It’s easier to watch fishing, shows literally for babies, or shows about flea markets than a Pac-12 Network football game, apparently.
You’ve probably heard that the Pac-12 Network isn’t as commercially successful as its peer conference networks. Part of that is because there’s a decent chance that you don’t have it on your cable plan, especially if you don’t live on the West Coast.
But according to Jon Wilner of the San Jose Mercury-News, the numbers behind the current state of the Pac-12 network are much worse than you thought. For starters, there’s the matter of the Pac-12 Network’s reach.
Information provided to the Hotline by SNL Kagan, the renown media research firm, indicates the Pac-12 Networks have lost seven percent of their audience since the peak in 2016, with much of the decline attributed to the discontinuation of service on U-verse last year.
Per that informationthat information, the Pac-12 Network is estimated to have 17.9 million subscribers.
Thanks to Nielsen cable coverage estimates, here are just 15 channels that reach more people. There are, uh, a lot more.
- BabyFirst (55.9 million), a network that produces content for babies. As a father of a baby, I had no idea there was demand for such content. My baby loses interest before the end of the ABC song.
- BEIN SPORT (21.5 million)
- Boomerang (38.3 million). That’s a channel that shows cartoons.
- Destination America (45.5 million)
- ESPN DEPORTES (18.9 million)
- FOX DEPORTES (21.2 million)
- Great American Country (51.2 million). Its website lists its its top shows as Flea Market Flip, Living Alaska, and Flippin’ RVs.
- Justice Central (28.2 million). This is about court shows, not superhero movies.
- Maxprime (21.2 million), a sub-brand of HBO that’s branded as a home for “Action and Erotic Movies.” Neat.
- Outdoor Channel (34.6 million)
- Ovation Network (45.1 million)
- Pursuit Channel (30.3 million). I was disappointed to learn this is mostly about hunting and fishing content, rather than constant car chases.
- REELZCHANNEL (60 million).
- Smithsonian Channel: (40.3 million). Literally a TV channel about museums, I must assume.
- Z LIVING (19.8 million). I guess this is about health and wellness?
It also goes without saying that the Pac-12 Network lags far behind its peers like the SEC Network or Big Ten Network, or other major sport networks (BTN says it’s in 73 million homes, for example, and hit 30 million subscribers a month after launch). And thanks to the ACC’s partnership with ESPN, it seems like a fair bet the ACC Network will outstrip it quickly as well. A major reason for that? Pac-12 Network also isn’t on AT&T U-verse or DirecTV, and there aren’t any signs that show they’ll get on either platform any time soon.
That’s a problem for a variety of reasons.
Recruits want people to actually be able to watch their games, and coaches want their games visible to showcase their brands. If it’s easier to watch hunting programs or whatever Z Living is than Oregon football, you’ve got a problem.
And if nobody is watching your stuff, you’re not making money. The Pac-12 Network isn’t partially owned by ESPN or FOX, like the SEC or Big Ten Networks, which is a big reason why it’s been harder for them to get distribution. And because distribution is so low, the actual revenue is really low.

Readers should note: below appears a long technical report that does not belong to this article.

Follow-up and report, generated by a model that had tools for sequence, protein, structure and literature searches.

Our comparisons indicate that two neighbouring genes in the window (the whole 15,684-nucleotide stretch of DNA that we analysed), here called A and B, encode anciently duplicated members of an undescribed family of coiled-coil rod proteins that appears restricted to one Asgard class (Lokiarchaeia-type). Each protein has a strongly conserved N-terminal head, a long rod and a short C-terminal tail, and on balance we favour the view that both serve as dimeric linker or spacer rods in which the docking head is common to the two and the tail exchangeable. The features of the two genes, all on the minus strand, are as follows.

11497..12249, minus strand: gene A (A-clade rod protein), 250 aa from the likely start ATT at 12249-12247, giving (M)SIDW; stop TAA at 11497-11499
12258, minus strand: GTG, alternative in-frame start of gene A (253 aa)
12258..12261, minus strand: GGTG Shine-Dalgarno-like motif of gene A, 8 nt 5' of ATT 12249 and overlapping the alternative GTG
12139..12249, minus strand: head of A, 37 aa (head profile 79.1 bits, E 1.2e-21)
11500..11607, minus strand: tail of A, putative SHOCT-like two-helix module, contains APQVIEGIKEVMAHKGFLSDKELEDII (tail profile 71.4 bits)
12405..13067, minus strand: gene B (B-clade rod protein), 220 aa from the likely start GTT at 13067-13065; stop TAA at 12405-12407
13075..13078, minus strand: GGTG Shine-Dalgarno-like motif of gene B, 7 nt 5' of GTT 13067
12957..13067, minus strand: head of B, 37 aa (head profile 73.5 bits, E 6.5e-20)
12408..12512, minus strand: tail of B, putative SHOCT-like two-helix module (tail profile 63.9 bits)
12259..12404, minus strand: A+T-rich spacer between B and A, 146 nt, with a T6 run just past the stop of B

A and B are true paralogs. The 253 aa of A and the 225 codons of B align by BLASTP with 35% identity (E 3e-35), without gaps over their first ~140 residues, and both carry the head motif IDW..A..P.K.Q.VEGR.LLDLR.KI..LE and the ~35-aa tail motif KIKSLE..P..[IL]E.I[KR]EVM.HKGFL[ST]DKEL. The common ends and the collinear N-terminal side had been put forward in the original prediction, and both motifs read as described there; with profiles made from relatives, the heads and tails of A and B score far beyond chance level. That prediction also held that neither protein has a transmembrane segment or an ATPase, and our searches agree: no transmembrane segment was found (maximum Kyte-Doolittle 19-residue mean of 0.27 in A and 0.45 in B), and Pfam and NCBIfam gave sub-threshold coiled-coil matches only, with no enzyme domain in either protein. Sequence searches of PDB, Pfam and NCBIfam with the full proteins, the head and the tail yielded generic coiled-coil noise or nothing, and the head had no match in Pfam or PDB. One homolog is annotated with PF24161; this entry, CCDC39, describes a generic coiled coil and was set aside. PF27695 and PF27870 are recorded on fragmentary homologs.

Again, from Wilner, here’s what the payouts from the network were per year, per school:
2014: $862,000 per school
2015 $1,677,500 per school
2016 $1,980,250 per school
2017: $2,522,167 per school
2018: $2,666,667 per school
Over the six completed fiscal years of the networks’ existence, the total payout per school, as tallied by campus officials, is $9,708,584 per school — not even at the top end of the single-year range referenced by the source who attended Scott’s presentation.
$2.6 million a year from your network isn’t very much money at all.
That’s less than BYU’s contract with ESPN (which is estimated to be worth $6 to 10 million), and way less than what SEC and Big Ten schools get from their networks.
And, considering the fact that Pac-12 schools had to buy back some of their TV rights in order to transfer them to the Pac-12, the actual profit from the Pac-12 Network could be even less than that.
Wilner estimated that UCLA only actually made about $680,000 a year over the six years of the Pac-12 Network. That is Sun Belt coaching money. It’s lower-level Power 5 coordinator money. Heck, it’s less than what the Sun Belt distributes to its members. It’s less than what AAC members get for their ESPN deal.
Now, this is revenue just from the Pac-12 network. Pac-12 schools still get money from their TV deals with ESPN and Fox, and the league still paid out over $30 million a year to each member. Sure, that’s not nearly as much as other power leagues, but that’s still a lot of money! But considering the fact that Pac-12 schools planned expenses and budgeted on earning, well, more than $700,000 from the Pac-12 network, many schools could be in difficult financial situations soon.
It’s a major reason why the league is considering selling a share of itself, an unprecedented move in college athletics. They could probably skip all these pesky problems if they just let Stanford buy the dang thing. Or, you know, just stop sucking.
It’s hard enough to compete with the Big Ten and SEC.
But if the Pac-12 is struggling to compete with televised fishing shows, it has some other substantial problems.
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